A lot of people compliment me on my ‘action scenes’ and facial expressions, for example. I studied Calvin and Hobbes a lot, which really helped me nail those down. If you asked me what cartoonist can draw the best facial expressions, I would say Bill Watterson, hands down.

I also had a book called How to Draw Comics the Marvel Way. Now I obviously don’t draw the ‘Marvel Way’, but that book helped me immensely with perspective and action scenes. Even if you’re not into the superhero style, this book is helpful. It taught me things like drawing the stick figure first, to get the pose you want…stuff like that.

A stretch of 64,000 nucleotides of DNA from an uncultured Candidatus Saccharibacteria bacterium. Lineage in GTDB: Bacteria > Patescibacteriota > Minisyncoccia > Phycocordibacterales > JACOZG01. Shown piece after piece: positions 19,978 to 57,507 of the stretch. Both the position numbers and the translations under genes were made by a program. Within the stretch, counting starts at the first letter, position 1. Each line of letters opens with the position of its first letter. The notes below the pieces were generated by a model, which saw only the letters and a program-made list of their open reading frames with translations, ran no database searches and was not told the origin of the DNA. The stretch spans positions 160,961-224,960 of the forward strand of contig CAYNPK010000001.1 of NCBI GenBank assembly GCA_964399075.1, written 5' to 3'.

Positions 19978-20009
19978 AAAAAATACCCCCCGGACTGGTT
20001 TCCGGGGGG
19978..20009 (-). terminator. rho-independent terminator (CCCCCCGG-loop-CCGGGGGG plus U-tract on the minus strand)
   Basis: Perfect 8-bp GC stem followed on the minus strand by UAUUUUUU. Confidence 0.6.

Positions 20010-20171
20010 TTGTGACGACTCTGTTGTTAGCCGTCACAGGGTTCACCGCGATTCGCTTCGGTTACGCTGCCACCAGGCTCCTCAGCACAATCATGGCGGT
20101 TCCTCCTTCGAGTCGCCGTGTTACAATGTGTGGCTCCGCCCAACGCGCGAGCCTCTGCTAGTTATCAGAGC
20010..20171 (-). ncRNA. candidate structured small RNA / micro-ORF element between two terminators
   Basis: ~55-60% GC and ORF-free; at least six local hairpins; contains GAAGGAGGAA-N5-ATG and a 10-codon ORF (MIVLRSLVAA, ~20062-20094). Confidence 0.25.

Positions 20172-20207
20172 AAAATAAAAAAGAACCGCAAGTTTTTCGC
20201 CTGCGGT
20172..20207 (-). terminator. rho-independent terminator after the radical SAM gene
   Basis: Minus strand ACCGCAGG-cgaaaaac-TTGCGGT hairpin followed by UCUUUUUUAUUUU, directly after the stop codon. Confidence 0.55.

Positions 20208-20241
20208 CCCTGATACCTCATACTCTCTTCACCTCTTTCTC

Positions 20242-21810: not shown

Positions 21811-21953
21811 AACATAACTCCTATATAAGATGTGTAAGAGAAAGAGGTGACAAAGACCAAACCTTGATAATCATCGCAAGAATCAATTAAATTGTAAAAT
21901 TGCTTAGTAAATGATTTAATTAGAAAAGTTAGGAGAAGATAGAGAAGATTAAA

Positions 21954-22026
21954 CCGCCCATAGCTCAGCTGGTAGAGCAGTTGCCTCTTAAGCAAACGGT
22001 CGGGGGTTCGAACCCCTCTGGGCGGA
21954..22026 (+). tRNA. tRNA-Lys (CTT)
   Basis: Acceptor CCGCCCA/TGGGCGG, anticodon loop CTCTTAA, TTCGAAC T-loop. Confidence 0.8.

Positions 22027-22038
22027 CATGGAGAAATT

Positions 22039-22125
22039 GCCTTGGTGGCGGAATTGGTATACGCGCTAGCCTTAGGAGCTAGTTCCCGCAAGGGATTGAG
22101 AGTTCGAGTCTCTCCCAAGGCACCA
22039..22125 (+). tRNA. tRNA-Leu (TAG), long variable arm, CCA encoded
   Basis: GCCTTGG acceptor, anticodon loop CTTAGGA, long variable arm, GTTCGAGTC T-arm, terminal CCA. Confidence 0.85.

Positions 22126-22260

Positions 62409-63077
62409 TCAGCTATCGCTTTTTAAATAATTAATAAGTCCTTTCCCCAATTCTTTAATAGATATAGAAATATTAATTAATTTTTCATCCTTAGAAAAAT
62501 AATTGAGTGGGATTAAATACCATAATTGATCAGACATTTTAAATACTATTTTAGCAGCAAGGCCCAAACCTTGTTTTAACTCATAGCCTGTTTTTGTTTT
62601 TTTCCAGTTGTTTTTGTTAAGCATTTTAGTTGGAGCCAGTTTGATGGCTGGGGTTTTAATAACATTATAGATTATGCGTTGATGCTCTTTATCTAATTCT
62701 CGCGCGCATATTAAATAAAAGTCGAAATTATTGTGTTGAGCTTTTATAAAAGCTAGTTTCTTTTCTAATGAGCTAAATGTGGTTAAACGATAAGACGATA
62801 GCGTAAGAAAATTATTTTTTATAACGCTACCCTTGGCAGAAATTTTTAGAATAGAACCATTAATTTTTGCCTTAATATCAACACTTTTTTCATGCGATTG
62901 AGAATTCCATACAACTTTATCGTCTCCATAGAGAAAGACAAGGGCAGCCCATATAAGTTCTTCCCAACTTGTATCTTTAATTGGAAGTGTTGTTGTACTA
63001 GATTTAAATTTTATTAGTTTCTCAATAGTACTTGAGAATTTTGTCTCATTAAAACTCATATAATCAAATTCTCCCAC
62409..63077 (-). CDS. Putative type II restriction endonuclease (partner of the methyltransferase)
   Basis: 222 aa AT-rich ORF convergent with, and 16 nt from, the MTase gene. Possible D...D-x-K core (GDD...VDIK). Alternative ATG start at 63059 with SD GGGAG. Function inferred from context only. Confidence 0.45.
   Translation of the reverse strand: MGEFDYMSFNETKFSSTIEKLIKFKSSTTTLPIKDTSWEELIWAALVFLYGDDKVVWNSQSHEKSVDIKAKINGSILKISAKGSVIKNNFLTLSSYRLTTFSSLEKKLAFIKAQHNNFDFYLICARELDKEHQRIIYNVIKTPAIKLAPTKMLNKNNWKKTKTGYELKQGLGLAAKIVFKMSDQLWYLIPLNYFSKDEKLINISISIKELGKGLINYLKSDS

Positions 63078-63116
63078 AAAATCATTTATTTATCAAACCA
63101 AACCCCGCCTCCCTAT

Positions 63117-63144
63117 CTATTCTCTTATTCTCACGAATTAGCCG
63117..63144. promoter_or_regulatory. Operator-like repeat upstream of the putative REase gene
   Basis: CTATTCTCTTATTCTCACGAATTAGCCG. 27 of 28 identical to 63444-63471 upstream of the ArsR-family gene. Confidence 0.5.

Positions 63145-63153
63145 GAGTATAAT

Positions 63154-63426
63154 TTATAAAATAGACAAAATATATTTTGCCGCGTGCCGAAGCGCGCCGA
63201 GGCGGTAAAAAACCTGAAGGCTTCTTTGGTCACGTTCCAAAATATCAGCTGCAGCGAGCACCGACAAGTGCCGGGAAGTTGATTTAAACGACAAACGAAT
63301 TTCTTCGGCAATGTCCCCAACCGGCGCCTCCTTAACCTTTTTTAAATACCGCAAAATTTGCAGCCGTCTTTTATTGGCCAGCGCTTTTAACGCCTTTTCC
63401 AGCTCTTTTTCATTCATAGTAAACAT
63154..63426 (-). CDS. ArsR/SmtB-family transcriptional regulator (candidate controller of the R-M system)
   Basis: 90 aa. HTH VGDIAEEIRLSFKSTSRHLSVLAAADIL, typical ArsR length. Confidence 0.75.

Another thing that helped me refine my style—believe it or not—my life drawing class in college. Now, I know what you’re thinking. Cartoon characters aren’t anatomically correct. But having that knowledge of drawing realistically is definitely a help, no matter what. I highly recommend art training—whatever you can get. You may already be good, but this really helps you refine those skills.

Okay, I am rambling…

Now for the shout outs!…

My parents—back in the stone age, before computers (ha!) my Mom, a stay at home mom, often entertained me by drawing pictures for me. My Dad, too. They would sit down and color, make story books with me, etc. I think they are the ones who really jump started the art thing with me. I think it’s genetic, too. I have a lot of excellent artists in my family—my great aunt, for one. She is a brilliant oil painter.